Post-infarct cortical plasticity and behavioral recovery using concurrent cortical stimulation and rehabilitative training: A feasibility study in primates

@article{Plautz2003PostinfarctCP,
  title={Post-infarct cortical plasticity and behavioral recovery using concurrent cortical stimulation and rehabilitative training: A feasibility study in primates},
  author={Erik J. Plautz and Scott Barbay and Shawn B. Frost and Kathleen Friel and Numa Dancause and Elena V. Zoubina and Ann M. Stowe and Barbara M. Quaney and Randolph J. Nudo},
  journal={Neurological Research},
  year={2003},
  volume={25},
  pages={801 - 810}
}
Abstract Stroke is often characterized by incomplete recovery and chronic motor impairments. A nonhuman primate model of cortical ischemia was used to evaluate the feasibility of using device-assisted cortical stimulation combined with rehabilitative training to enhance behavioral recovery and cortical plasticity. Following preinfarct training on a unimanual motor task, maps of movement representations in primary motor cortex were derived. Then, an ischemic infarct was produced which destroyed… Expand
Motor cortical stimulation promotes synaptic plasticity and behavioral improvements following sensorimotor cortex lesions
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Results suggest that CS-induced functional improvements may be mediated by synaptic structural plasticity in stimulated cortex, and provide further support that CS can promote functional recovery. Expand
Enhanced Motor Recovery After Stroke With Combined Cortical Stimulation and Rehabilitative Training Is Dependent on Infarct Location
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The efficacy of CS for enhancing motor recovery after stroke may depend in part on the extent and location of the ischemic infarct. Expand
Cortical Stimulation Concurrent With Skilled Motor Training Improves Forelimb Function and Enhances Motor Cortical Reorganization Following Controlled Cortical Impact
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The data suggest that CS may be useful for improving rehabilitation efficacy after TBI but also raise the possibility that the CS parameters that are highly effective following stroke are suboptimal after moderate/severe TBI. Expand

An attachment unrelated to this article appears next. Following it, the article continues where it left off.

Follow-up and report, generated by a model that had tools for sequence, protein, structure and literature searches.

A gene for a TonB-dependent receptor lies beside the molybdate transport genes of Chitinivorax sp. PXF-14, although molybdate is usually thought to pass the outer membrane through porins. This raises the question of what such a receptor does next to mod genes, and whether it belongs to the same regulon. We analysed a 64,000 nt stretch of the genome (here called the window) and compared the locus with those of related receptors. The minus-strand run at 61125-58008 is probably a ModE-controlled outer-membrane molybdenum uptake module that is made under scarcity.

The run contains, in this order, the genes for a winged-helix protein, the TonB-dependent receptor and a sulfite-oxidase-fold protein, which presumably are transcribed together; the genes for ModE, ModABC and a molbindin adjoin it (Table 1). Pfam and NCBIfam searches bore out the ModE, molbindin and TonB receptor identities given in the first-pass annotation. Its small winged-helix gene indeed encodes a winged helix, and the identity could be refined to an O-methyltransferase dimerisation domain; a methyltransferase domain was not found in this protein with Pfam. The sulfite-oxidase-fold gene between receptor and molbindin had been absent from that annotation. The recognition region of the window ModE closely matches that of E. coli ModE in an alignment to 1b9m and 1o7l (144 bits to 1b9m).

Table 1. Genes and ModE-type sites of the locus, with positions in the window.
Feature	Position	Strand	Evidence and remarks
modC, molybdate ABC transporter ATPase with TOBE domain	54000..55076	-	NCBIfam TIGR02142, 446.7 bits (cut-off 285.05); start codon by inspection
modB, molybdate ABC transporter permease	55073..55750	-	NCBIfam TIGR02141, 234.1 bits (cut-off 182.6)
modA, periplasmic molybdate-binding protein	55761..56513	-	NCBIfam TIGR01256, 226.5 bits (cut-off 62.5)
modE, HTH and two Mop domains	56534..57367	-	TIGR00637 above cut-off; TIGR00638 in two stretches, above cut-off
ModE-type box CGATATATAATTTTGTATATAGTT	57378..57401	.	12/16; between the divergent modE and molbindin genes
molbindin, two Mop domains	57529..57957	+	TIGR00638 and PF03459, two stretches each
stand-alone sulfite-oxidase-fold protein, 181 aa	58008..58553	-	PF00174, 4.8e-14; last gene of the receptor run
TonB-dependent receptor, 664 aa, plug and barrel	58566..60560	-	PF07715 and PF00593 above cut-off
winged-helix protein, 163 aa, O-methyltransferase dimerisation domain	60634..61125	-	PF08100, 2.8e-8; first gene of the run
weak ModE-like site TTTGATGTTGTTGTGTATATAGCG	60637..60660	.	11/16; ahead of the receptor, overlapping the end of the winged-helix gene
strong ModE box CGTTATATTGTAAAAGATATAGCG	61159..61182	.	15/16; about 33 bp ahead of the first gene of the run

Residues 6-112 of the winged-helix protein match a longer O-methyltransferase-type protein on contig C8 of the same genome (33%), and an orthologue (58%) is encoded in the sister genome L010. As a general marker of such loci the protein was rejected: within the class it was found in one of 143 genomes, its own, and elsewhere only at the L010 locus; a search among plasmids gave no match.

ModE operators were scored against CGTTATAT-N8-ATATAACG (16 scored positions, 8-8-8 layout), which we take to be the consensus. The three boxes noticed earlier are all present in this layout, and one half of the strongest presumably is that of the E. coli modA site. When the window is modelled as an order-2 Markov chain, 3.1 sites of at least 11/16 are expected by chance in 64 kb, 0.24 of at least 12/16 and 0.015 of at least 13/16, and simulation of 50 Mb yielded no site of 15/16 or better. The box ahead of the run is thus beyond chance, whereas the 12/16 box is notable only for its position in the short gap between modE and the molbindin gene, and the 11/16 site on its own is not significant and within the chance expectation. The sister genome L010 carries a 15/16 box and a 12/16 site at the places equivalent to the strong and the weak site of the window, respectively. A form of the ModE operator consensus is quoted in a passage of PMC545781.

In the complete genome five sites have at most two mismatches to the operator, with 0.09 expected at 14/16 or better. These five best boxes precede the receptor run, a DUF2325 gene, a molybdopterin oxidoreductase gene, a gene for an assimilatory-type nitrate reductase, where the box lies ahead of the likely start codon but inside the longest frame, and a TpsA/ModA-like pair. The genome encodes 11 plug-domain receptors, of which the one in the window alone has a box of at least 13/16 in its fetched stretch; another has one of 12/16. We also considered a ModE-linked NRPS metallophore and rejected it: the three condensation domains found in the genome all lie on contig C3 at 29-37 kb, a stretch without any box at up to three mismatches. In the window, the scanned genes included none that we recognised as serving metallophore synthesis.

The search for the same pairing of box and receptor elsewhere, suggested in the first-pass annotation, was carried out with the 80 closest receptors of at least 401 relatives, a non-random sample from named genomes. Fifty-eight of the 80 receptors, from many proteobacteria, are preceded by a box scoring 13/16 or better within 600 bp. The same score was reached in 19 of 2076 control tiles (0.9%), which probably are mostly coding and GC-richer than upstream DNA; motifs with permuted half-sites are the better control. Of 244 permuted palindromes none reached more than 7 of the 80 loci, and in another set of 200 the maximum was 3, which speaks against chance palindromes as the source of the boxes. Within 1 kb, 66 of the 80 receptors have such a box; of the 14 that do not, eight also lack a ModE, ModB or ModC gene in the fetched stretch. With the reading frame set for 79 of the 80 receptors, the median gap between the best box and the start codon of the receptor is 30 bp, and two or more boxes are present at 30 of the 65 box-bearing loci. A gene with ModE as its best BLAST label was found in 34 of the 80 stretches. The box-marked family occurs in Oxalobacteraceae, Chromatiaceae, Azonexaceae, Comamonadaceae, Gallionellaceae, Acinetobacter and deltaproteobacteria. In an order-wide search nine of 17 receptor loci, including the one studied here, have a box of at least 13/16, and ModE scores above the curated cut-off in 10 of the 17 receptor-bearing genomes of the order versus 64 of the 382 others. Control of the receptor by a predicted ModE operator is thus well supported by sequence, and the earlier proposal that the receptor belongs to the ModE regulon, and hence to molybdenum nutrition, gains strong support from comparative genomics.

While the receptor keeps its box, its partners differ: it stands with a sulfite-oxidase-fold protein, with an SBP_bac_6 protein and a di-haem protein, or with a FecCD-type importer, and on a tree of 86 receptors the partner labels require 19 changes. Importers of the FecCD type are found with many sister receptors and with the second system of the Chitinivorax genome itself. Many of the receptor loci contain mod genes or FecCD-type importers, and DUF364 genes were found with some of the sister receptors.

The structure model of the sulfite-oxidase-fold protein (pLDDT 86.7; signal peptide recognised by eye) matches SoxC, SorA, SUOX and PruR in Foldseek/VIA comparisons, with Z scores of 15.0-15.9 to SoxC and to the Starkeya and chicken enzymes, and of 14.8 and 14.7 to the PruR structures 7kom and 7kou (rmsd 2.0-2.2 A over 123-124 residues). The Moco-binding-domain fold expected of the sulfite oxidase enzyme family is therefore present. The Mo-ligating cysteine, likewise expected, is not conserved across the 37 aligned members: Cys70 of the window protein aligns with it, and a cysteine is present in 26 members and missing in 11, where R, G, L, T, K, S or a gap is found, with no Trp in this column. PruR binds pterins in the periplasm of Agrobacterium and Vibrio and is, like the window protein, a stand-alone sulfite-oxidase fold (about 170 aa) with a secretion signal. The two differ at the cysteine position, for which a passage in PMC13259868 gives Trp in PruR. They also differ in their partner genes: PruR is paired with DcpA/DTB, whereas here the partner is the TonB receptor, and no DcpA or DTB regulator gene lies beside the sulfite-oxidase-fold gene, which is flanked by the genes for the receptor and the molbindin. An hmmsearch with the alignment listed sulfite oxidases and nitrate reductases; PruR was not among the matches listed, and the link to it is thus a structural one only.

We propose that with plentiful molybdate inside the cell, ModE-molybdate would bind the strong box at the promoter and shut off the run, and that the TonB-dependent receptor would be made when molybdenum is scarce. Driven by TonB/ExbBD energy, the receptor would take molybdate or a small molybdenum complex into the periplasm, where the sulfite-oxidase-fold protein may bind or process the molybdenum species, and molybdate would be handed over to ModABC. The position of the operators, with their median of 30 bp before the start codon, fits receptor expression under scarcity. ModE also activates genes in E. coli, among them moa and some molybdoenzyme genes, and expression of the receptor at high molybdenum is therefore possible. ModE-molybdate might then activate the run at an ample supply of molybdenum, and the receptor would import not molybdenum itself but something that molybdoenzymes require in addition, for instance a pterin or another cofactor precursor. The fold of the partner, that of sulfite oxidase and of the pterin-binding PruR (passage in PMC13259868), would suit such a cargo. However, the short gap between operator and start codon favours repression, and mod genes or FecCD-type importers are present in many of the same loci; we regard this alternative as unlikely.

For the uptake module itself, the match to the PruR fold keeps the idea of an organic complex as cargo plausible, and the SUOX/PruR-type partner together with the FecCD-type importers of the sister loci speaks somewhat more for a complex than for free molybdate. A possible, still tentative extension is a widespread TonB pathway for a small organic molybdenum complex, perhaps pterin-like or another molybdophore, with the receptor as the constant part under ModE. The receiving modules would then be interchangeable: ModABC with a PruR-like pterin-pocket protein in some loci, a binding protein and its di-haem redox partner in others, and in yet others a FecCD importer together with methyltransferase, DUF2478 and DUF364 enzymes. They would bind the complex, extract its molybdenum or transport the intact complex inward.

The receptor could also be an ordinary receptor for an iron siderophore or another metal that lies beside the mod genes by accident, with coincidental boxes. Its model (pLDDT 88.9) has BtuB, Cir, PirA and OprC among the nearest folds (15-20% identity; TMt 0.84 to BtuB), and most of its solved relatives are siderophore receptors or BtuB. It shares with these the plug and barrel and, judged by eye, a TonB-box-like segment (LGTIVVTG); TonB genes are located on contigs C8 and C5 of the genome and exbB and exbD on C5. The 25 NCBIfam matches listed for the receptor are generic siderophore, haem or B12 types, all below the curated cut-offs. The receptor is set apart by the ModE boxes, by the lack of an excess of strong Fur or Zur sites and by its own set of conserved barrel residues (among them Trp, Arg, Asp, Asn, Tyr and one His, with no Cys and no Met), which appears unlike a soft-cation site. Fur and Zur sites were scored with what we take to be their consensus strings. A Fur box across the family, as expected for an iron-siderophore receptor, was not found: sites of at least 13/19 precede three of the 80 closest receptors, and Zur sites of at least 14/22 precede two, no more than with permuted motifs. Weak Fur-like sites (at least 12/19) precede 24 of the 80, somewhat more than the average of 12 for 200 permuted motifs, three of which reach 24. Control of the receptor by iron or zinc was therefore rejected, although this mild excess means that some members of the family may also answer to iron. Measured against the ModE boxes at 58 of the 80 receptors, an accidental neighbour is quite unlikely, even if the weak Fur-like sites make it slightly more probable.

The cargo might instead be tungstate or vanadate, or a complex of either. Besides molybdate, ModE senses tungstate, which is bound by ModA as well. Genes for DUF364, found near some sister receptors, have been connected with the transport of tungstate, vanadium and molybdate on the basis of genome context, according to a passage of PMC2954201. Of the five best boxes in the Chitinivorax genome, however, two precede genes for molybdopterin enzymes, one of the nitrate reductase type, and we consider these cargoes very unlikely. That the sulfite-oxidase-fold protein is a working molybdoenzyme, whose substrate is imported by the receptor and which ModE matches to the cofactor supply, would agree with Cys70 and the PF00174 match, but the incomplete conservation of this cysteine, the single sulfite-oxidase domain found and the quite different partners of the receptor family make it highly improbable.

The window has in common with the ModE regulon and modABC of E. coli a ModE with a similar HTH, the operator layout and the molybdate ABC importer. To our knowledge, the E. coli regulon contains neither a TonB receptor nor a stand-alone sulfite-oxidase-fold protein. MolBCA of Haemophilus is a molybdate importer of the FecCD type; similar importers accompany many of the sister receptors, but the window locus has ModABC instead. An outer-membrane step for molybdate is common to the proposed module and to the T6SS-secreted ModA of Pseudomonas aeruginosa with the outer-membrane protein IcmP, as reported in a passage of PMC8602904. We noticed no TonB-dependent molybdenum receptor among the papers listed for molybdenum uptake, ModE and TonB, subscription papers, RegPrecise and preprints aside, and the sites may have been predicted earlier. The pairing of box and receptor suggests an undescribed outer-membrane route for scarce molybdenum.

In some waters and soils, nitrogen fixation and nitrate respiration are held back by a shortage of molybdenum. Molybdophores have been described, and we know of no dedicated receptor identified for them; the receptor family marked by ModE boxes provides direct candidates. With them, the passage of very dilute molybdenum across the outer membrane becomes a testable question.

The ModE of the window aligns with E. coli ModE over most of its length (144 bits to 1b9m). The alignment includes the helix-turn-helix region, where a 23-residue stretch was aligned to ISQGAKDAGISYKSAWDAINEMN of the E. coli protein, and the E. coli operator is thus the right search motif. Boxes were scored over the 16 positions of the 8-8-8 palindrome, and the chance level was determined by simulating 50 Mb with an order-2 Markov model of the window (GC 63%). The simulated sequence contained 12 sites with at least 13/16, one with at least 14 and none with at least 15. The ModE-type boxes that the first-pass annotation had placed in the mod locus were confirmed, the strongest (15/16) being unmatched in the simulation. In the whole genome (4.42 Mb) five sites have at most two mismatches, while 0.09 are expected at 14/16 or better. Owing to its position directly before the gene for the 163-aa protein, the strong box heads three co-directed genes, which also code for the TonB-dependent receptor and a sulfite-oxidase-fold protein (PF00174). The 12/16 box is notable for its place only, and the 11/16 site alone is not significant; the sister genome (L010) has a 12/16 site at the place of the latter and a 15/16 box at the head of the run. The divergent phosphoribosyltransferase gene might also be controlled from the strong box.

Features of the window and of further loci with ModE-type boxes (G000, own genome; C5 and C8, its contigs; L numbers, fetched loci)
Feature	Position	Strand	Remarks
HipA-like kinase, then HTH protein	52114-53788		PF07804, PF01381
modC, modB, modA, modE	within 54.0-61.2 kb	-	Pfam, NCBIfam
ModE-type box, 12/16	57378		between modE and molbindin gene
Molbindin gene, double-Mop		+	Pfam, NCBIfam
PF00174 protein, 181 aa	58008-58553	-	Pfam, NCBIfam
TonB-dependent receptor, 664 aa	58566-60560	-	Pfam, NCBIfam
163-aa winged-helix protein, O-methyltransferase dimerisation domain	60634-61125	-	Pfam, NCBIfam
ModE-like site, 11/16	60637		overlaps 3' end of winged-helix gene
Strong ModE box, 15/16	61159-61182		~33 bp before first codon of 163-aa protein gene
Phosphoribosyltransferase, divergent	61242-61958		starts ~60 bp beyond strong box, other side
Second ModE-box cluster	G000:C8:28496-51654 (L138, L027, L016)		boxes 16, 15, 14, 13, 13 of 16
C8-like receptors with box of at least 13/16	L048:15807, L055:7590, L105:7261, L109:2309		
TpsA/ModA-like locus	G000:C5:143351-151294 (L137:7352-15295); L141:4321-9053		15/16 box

Distributed Versus Focal Cortical Stimulation to Enhance Motor Function and Motor Map Plasticity in a Rodent Model of Ischemia
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The results indicate that although both focal and distributed forms ofCS/RT promote motor map reorganization only the distributed form of CS/RT enhances motor performance with rehabilitation. Expand
Behavioral and neurophysiological effects of delayed training following a small ischemic infarct in primary motor cortex of squirrel monkeys
TLDR
The results indicate that post-injury behavioral experience, such as motor skill training, may modulate peri-infarct cortical plasticity in different ways in the acute versus chronic stages following stroke. Expand
Effects of Subdural Monopolar Cortical Stimulation Paired With Rehabilitative Training on Behavioral and Neurophysiological Recovery After Cortical Ischemic Stroke in Adult Squirrel Monkeys
TLDR
Results suggest that the specific parameters utilized here were not optimal for promoting behavioral recovery in nonhuman primates, and the present finding has cautionary implications for translation of CS/RT therapy to clinical populations. Expand
Cortical electrical stimulation combined with rehabilitative training: Enhanced functional recovery and dendritic plasticity following focal cortical ischemia in rats
TLDR
The efficacy of combining rehabilitative training with cortical electrical stimulation to improve functional outcome and cortical neuronal structural plasticity following sensorimotor cortical damage is supported. Expand
Enduring Poststroke Motor Functional Improvements by a Well–Timed Combination of Motor Rehabilitative Training and Cortical Stimulation in Rats
TLDR
CS can enhance the persistence, as well as the magnitude of RT-driven functional improvements, but its effectiveness in doing so may vary with time postinfarct. Expand
Cortical stimulation improves skilled forelimb use following a focal ischemic infarct in the rat
TLDR
Cortical stimulation, concurrent with rehabilitative training, results in better forelimb usage that may be due to augmented synaptic plasticity, and this was initially due to a shift in Forelimb preference. Expand
Neural Plasticity And Functional Recovery Following Cortical Ischemic Injury
  • E. Plautz, R. Nudo
  • Psychology, Medicine
  • 2005 IEEE Engineering in Medicine and Biology 27th Annual Conference
  • 2005
TLDR
It is concluded that electrical stimulation combined with rehabilitation enhanced plastic reorganization of the affected motor cortex, leading to superior behavioral recovery. Expand
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